I would like to perform incremental backups (for the entire filesystem) from a machine. rsync does this quite will, however I would like to also preserve file ownership - meaning, make it possible to restore it.

Is this possible to do without running rsync as root on the target machine (storing the backups)?

Some ideas...

  • Is there a way to mount a filesystem (FUSE?) in such a way as to allow chown for a non-root user? (I guess it would probably need to be noexec to forbid elevation.)
  • Some way to store and restore the ownership in metadata files instead of the filesystem itself?
  • tar can store file ownership, though getting it to work with rsync or incremental backups would be a bit more involved. It would also be nice to be able to browse the backups like a regular filesystem.
  • Perhaps some kind of fake root environment? A virtual machine would work, but would be nice to avoid the associated maintenance and performance overhead.

As stated in the other answers, to directly preserve ownership information you need root access to the destination machine.

However, you had at least two workarounds to avoid root access while preserving ownership:

  1. use the --fake-super rsync option. From the man page:

When this option is enabled, rsync simulates super-user activities by saving/restoring the privileged attributes via special extended attributes that are attached to each file (as needed)

This means that ownership is not directly preserved in classical Unix style, rather ownership information is stored inside a special extended attribute (ie: a sort of "tag" attached to the file). When restoring, rsync can use this EA/tag to correctly reconstruct the original file owner.

  1. do not let rsync preserve ownership information, rather preserve them using the getfacl utility. For example, issuing getfacl -R MNTPOINT > acls.txt you effectively save ownership (and ACL) info in a text file which can be later used to restore such information using the setfacl --restore command.
  • Wow, the --fake-super option is exactly what I needed. Thank you! Feb 12 '16 at 17:04

If I were you, I would put the backups on a volume in a Docker container. This way, you can put good limits on it and avoid security risks but still run it as root so it does what it needs to do.

  • I don't know why this was downvoted. But would this work, considering that - AIUI - containers require mapping a specific set of UIDs, and forbid operations on UIDs outside the mapped set? Feb 12 '16 at 10:27

Rather than copying all your files one-by-one like rsync does, you should consider putting the files in some kind of "container" that lets you pack up all the files, transport them around, and never lose any metadata.

Have you considered "tar"? I know that tar is the antithesis of rsync: it isn't incremental, it doesn't transport the data anywhere, etc.

However it is really good at preserving ownership, permissions, ACLs, modification times, and such. You can make a tar file, copy it to a machine that doesn't even understand the Unix way of doing file permissions (i.e. Windows, TOPS-20, VAX/VMS), then copy it back to a Unix host, untar it, and you get all the permissions, etc. that it originally had.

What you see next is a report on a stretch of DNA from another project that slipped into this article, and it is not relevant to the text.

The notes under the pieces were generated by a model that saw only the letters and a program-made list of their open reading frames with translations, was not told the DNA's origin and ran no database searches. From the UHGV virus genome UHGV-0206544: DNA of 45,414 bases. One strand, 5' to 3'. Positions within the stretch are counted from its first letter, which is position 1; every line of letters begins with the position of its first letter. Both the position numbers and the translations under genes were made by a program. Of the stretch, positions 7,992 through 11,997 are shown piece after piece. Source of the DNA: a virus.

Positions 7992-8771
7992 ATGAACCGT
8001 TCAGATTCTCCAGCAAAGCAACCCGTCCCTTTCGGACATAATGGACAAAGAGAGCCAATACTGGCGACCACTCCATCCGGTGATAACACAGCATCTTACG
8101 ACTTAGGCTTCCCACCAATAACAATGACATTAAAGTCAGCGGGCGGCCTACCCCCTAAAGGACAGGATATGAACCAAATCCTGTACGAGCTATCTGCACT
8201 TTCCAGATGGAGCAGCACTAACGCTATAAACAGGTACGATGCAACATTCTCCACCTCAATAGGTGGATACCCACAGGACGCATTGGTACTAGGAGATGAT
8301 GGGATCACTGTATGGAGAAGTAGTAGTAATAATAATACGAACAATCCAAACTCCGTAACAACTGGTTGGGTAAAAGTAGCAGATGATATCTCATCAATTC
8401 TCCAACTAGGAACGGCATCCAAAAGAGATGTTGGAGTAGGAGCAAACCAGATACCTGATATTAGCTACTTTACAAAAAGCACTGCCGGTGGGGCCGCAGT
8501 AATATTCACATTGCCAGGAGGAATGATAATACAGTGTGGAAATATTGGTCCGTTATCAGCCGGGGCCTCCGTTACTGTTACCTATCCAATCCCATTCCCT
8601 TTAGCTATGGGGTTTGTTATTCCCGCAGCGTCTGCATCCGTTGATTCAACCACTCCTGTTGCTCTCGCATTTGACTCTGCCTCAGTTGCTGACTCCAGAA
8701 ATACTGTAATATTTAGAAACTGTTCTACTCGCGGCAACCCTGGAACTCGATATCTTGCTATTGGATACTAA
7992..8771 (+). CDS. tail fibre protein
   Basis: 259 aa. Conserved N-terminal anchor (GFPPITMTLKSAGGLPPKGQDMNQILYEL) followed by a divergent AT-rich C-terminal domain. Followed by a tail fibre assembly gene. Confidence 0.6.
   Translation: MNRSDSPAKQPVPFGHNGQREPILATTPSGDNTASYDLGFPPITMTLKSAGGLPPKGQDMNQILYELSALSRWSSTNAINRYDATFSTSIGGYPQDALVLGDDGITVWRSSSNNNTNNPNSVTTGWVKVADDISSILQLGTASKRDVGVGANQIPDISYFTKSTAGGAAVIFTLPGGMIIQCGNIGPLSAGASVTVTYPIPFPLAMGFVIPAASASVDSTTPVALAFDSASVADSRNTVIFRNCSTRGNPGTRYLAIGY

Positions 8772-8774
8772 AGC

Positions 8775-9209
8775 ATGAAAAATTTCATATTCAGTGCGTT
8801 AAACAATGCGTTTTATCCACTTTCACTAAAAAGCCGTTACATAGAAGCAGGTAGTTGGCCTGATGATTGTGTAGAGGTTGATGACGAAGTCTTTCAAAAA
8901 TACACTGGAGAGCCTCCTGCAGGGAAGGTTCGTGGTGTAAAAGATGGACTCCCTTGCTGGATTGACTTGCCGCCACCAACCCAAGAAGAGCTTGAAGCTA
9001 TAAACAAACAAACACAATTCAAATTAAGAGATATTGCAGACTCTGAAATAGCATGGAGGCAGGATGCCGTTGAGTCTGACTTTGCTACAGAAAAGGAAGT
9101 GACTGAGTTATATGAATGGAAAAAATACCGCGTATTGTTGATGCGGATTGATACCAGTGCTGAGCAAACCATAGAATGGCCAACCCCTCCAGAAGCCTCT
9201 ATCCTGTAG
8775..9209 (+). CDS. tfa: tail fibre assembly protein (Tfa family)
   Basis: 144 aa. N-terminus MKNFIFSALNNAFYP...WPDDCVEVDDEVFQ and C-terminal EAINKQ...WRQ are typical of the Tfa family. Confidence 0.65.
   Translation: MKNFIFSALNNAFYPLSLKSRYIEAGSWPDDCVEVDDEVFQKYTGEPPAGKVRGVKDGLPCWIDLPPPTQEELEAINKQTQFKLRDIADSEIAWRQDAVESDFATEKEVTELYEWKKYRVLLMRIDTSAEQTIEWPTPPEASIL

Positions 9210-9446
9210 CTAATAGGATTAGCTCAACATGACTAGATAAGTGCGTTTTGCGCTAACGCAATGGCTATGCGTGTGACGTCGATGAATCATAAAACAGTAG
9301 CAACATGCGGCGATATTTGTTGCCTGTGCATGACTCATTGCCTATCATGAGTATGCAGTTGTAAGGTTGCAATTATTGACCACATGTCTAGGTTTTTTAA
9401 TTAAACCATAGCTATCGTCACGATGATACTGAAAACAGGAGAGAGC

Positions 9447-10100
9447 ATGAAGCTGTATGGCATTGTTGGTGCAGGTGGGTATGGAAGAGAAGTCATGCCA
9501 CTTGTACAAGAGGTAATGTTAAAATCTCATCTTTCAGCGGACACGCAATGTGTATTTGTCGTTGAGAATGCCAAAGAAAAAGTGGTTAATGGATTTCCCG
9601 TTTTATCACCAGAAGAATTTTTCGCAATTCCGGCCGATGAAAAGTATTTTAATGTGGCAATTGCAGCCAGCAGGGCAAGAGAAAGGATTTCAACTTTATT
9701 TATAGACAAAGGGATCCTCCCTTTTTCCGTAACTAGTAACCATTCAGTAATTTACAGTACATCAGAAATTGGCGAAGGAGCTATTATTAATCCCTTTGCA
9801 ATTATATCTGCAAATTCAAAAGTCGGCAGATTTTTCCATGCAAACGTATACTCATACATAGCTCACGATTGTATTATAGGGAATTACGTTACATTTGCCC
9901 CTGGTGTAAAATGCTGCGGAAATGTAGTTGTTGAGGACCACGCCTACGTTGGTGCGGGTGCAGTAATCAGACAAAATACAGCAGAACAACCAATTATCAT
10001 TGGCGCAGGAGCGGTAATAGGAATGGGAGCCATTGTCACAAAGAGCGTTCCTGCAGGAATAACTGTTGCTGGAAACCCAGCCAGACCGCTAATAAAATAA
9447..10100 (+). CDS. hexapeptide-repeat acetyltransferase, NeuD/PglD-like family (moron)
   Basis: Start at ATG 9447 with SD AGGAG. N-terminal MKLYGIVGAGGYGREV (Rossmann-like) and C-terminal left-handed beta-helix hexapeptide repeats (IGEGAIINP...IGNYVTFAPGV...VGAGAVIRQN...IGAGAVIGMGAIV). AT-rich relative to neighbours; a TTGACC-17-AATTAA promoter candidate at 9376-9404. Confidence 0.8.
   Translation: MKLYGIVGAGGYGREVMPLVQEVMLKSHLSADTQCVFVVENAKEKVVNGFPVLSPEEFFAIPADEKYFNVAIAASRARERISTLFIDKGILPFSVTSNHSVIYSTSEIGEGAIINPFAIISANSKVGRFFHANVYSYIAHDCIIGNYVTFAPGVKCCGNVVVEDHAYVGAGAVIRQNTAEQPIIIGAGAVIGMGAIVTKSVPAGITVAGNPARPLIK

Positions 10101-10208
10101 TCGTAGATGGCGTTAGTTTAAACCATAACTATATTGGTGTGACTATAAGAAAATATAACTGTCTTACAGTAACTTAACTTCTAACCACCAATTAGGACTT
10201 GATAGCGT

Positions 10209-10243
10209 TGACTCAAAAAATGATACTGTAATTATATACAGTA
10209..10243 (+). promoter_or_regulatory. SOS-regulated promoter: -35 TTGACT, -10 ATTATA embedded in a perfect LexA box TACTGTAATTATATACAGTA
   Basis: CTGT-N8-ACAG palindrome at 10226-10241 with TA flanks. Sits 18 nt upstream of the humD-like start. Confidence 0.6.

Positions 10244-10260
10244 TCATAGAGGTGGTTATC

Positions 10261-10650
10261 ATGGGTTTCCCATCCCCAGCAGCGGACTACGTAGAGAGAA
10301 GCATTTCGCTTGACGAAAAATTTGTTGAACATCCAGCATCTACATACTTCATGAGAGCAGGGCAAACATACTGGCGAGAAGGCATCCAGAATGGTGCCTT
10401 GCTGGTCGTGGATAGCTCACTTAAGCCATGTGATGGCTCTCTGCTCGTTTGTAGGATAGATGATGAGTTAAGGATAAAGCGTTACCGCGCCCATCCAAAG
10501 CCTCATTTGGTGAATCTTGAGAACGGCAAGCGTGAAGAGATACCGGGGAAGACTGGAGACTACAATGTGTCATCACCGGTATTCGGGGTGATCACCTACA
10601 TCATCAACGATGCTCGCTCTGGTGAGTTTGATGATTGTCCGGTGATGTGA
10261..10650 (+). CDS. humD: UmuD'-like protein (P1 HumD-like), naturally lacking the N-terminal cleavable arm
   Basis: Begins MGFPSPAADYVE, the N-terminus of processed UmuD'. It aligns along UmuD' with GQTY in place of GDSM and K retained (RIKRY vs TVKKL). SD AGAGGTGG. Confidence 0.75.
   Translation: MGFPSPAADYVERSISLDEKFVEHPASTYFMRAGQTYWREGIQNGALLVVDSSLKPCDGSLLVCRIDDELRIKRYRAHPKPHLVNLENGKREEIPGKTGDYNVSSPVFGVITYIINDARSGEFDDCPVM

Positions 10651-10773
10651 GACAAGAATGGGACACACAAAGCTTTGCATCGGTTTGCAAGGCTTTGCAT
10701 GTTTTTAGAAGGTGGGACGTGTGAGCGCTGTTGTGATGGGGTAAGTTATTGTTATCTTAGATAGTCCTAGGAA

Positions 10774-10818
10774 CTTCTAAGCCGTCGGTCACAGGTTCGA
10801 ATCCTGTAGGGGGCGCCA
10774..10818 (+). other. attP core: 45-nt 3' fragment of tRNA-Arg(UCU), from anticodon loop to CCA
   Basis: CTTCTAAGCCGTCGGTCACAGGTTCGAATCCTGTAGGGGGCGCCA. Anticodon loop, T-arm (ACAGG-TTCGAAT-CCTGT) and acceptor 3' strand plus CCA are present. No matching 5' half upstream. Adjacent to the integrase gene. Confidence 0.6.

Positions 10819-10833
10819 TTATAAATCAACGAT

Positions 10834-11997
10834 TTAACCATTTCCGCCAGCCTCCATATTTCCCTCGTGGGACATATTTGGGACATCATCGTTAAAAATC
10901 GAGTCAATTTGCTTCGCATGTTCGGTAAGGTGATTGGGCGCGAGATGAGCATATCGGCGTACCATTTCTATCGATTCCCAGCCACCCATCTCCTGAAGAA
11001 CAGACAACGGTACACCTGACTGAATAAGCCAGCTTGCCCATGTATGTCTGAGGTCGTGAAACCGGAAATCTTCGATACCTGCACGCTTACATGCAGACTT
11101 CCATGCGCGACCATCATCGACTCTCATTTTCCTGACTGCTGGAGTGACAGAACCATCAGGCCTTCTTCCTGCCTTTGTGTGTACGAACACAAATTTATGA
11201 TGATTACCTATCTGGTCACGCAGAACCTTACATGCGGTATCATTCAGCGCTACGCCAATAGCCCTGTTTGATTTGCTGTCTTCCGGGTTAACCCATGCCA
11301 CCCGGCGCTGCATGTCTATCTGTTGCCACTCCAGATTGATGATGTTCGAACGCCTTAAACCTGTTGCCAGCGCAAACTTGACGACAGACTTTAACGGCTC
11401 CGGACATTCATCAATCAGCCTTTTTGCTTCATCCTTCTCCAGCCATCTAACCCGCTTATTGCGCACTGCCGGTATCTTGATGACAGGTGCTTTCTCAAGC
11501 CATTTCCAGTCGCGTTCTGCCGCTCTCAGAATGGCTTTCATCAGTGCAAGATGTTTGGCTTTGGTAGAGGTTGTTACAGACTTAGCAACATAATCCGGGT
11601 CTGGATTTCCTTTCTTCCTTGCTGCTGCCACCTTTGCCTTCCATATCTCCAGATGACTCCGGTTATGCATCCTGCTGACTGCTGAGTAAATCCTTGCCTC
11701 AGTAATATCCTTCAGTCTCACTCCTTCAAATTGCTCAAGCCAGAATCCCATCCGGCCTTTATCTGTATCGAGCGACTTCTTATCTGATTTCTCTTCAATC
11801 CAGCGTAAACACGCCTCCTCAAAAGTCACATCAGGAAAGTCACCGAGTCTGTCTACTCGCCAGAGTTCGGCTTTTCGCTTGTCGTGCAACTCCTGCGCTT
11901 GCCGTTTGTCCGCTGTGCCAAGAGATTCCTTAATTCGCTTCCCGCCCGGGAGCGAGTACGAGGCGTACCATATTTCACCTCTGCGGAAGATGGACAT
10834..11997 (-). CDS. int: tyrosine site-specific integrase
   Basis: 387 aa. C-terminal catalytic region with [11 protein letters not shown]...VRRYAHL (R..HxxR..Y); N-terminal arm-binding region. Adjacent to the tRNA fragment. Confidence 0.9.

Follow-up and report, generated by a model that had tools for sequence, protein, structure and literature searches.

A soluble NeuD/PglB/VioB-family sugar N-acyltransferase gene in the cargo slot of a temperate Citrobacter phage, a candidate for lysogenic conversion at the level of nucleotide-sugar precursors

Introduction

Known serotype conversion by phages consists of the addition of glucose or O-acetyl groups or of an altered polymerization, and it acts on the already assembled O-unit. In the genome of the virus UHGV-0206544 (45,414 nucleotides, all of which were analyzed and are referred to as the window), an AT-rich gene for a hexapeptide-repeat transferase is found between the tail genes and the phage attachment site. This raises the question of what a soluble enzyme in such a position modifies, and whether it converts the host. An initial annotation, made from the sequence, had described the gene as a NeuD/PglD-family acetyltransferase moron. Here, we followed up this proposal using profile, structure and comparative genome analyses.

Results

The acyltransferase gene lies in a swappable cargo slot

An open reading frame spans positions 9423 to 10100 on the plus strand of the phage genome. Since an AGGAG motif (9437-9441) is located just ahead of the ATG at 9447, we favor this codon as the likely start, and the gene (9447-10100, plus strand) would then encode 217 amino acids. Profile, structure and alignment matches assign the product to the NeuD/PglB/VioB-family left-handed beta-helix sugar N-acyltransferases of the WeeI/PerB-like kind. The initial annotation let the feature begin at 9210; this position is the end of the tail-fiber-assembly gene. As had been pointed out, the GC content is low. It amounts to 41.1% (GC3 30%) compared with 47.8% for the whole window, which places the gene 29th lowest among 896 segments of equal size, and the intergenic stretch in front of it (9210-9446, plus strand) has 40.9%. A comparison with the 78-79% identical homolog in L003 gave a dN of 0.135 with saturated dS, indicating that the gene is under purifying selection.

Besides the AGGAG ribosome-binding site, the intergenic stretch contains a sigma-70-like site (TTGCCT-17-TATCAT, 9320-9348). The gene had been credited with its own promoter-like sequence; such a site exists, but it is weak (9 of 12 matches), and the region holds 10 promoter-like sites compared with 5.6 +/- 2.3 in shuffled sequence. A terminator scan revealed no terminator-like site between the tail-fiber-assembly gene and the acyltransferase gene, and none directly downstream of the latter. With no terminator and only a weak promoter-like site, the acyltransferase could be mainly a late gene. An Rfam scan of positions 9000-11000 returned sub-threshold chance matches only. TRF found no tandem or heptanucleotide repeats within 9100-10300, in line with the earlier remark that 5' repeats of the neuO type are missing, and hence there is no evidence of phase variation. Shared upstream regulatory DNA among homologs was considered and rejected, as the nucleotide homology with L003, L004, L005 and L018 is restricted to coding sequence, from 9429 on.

There is a FUSE filesystem that will mount (read-only) tar files.

Of course, you lose the incremental copies and other features that make rsync such an excellent tool. However, the Unix world used tar for 20+ years before rsync was invented and it works really well for certain situations.


I assume that when you say "without running rsync as root on the target" that you've really hit the problem that you cannot establish a connection TO the target as root - correct? In other words - you do not literally mean "without running rsync as root on the target" - but what you REALLY mean is "without making an (automated) connection as root to the target" - which as everyone knows is a hard and dangerous thing to do.

Assuming this is the case (it probably is), one solution is to use pipes.

The idea is to create a pipe on the target machine that is owned by the non-root login that is going to be sending in the backups, and to write the backup stream into this pipe.

Then, on that same machine, you set it up so that it runs a root process that reads from the pipe and restores the backup.

e.g. (using tar for example) - on the machine to extract the backup:-

mknod /tmp/pipe p
cd /folder-to-restore-into
sudo tar xfz /tmp/pipe 

And on the machine to send the backups over from:

cd /folder-to-backup
sudo tar cfz - . | ssh remote_nonroot_user@remoteip.com 'cat > /tmp/pipe'

You can also do it the other way too (put the pipe on the other machine) which might be handy if you want the backup server to initiate the backing-up process (since the machine-to-be-backed-up will block until the other server reads from the pipe).

  • Answering the question at the beginning of the answer - No, the interpretation in the accepted answer was what my problem was about, but thanks for contributing this answer to an alternate interpretation! May 16 at 7:11

Obviously to get the "root" files from the destination, you need root access. However, there are many ways to screw your system.

1) You could allow rsync to use sudo without password 2) You could use setuid to rsync so that it can access root files, while the backup orchestrator is a normal user rather than the root. 3) use rssh to limit the security risks of all the above

Your Answer

By clicking “Post Your Answer”, you agree to our terms of service, privacy policy and cookie policy

Not the answer you're looking for? Browse other questions tagged or ask your own question.